The Arabic verse says :

يا أيها الذين آمنوا إذا قمتم إلى الصلاة فاغسلوا وجوهكم وأيديكم إلى المرافق وامسحوا برءوسكم وَأَرْجُلَكُمْ إلى الكعبين

But we have 2 types of English translation:

  • O you who believe! When you intend to offer As-Salat (the prayer), wash your faces and your hands (forearms) up to the elbows, rub (by passing wet hands over) your heads, and wash your feet up to ankles.( Muhsin Khan )

  • O you who believe! When you rise up to prayer, wash your faces and your hands as far as the elbows, and wipe your heads and your feet to the ankles.( Shakir )

One say washing feet and one say wiping feet; while the root of word "وامسحوا" is "مسح" And means wiping.

Then, why are there 2 different types of translation and which one is correct?

  • I’m closing this question because it and the accepted answer obviously make this a Truth question rather than an unbiased question on the Qur'an and the Arabic grammar itself. We are not a site for proving which interpretation is "more correct".
    – goldPseudo
    Jan 7, 2022 at 22:43

1 Answer 1


If we just go through this verse, we find that this verse contains three parts. In the first part the believers have been addressed that when they stand up for prayers, the second part states about the body parts that have to washed and the third part states about the parts which need anointment or rubbing.

After addressing the believers, the body parts which are to be washed, have been mentioned after “FAGHSULU” and the parts which need ablution have been mentioned after “WAMSAHU”. This is an extremely clear verse and really easy to understand.

The Shi’a-Sunni disagreement on Wudhu, is over the last part of this verse. The Shi’a belief it clearly stipulates two body parts that are ordered to be washed during Wudhu, have to be washed, and the two body parts that are ordered to be wiped, that are the head and feet. But Sunni commentators often add the word ‘washing’ in brackets in order to prove their belief that feet should be washed.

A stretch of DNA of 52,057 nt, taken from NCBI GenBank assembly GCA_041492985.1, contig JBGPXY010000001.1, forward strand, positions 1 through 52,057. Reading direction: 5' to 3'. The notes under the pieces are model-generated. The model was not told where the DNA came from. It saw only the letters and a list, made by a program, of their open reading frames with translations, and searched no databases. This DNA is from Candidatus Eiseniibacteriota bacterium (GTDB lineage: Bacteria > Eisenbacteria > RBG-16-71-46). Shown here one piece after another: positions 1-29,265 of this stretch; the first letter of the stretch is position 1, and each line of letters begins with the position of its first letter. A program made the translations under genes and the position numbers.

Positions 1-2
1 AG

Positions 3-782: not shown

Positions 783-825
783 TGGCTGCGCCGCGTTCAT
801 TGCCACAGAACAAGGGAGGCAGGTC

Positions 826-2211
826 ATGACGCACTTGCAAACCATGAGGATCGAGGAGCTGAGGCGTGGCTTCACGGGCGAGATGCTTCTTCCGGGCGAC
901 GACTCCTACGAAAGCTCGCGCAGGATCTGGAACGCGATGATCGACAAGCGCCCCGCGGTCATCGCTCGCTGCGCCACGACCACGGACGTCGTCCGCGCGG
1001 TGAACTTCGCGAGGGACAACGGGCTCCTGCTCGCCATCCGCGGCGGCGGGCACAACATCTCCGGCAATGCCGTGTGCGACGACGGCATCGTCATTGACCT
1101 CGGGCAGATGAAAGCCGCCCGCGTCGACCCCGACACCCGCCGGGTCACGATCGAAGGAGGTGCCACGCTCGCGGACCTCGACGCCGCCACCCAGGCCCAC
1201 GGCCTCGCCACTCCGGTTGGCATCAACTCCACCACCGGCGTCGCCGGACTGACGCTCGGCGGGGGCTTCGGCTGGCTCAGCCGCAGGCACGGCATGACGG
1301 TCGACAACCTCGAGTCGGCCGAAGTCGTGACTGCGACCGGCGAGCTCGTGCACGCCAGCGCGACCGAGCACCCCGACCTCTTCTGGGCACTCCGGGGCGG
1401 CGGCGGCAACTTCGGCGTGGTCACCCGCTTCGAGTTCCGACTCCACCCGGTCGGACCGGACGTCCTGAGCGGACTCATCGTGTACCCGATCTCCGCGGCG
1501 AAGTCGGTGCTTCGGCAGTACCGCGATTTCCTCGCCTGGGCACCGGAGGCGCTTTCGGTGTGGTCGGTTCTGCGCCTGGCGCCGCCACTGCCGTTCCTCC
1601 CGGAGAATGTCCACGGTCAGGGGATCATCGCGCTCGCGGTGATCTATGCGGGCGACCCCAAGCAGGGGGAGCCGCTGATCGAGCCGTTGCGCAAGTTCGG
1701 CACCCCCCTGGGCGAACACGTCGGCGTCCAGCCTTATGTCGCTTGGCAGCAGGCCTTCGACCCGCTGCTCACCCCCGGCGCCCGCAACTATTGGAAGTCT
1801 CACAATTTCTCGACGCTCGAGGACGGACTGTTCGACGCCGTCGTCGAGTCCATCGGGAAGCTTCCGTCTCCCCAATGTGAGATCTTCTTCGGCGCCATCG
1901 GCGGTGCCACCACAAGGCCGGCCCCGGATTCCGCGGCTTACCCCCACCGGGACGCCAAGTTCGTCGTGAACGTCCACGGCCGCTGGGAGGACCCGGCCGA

The Ahl’ul Sunnah try to relate the word “Faghsalu” with “Arjalikum” by claiming that there is an under-stressor in the later word, hence they come out with the translation that the feet should be washed, ignoring the fact that the word “Faghsalu” is at the beginning of the verse and that is only concerned with the washing of the face and the hands.

Also The Ahl’ul Sunnah argument is that Allah (swt) has said “Wamsahu Baraosekum” in the Holy Qur’an, which indicates that the whole head should be wiped.

If this was indeed the case then what was the point in placing “Ba” before “Raosekum”? They try to escape by saying that this addition is necessary in order to ensure compliance with the Arabic grammar, but then we would like to ask that can “Masah” not be used without the word “Ba”?

In addition, pay attention that Sahabah used to wipe their feet during Wudhu instead of washing.

We read in Sunan Ibn Majah,page 39, Kitab al Wudhu and in Tafseer ibn Katheer page 25, Chapter of Wudhu:

Ibn Abbas said: ‘For Wudhu, two parts should be washed and two parts should be wiped’.

Anas bin Malik said: ‘The Quran gave an order to wipe the feet’.

We read in Sahih Bukhari, Volume 1 page 957, Kitab al Wudhu:

“Ibn Abbas said For Wudhu two parts should be washed and two parts should be wiped. Allah (swt) gave the order to wipe and people in opposition to Allah (swt) began to wash”.

Same reference can be read in Musnaf Abi Sheybah Vol 1 as well:

حدثنا ابن علية عن روح بن القاسم عن عبد الله بن محمد بن عقيل عن الربيع ابنة معوذ ابن عفراء قالت: أتاني ابن عباس فسألني عن هذا الحديث تعني حديثها الذي ذكرت أنها {رأت النبي صلى الله عليه وسلم توضأ وأنه غسل رجليه} قالت : فقال ابن عباس أبى الناس إلا الغسل ولا أجد في كتاب الله إلا المسح.

“Rabyya narrated: Ibn Abbas came to me & asked me about that hadith which I narrate that I saw the holy prophet wash his feet, so Ibn Abbas said: “The people insist to wash and I didn’t find in the book of Allah except wiping”

For more details, see: al-islam


Not the answer you're looking for? Browse other questions tagged .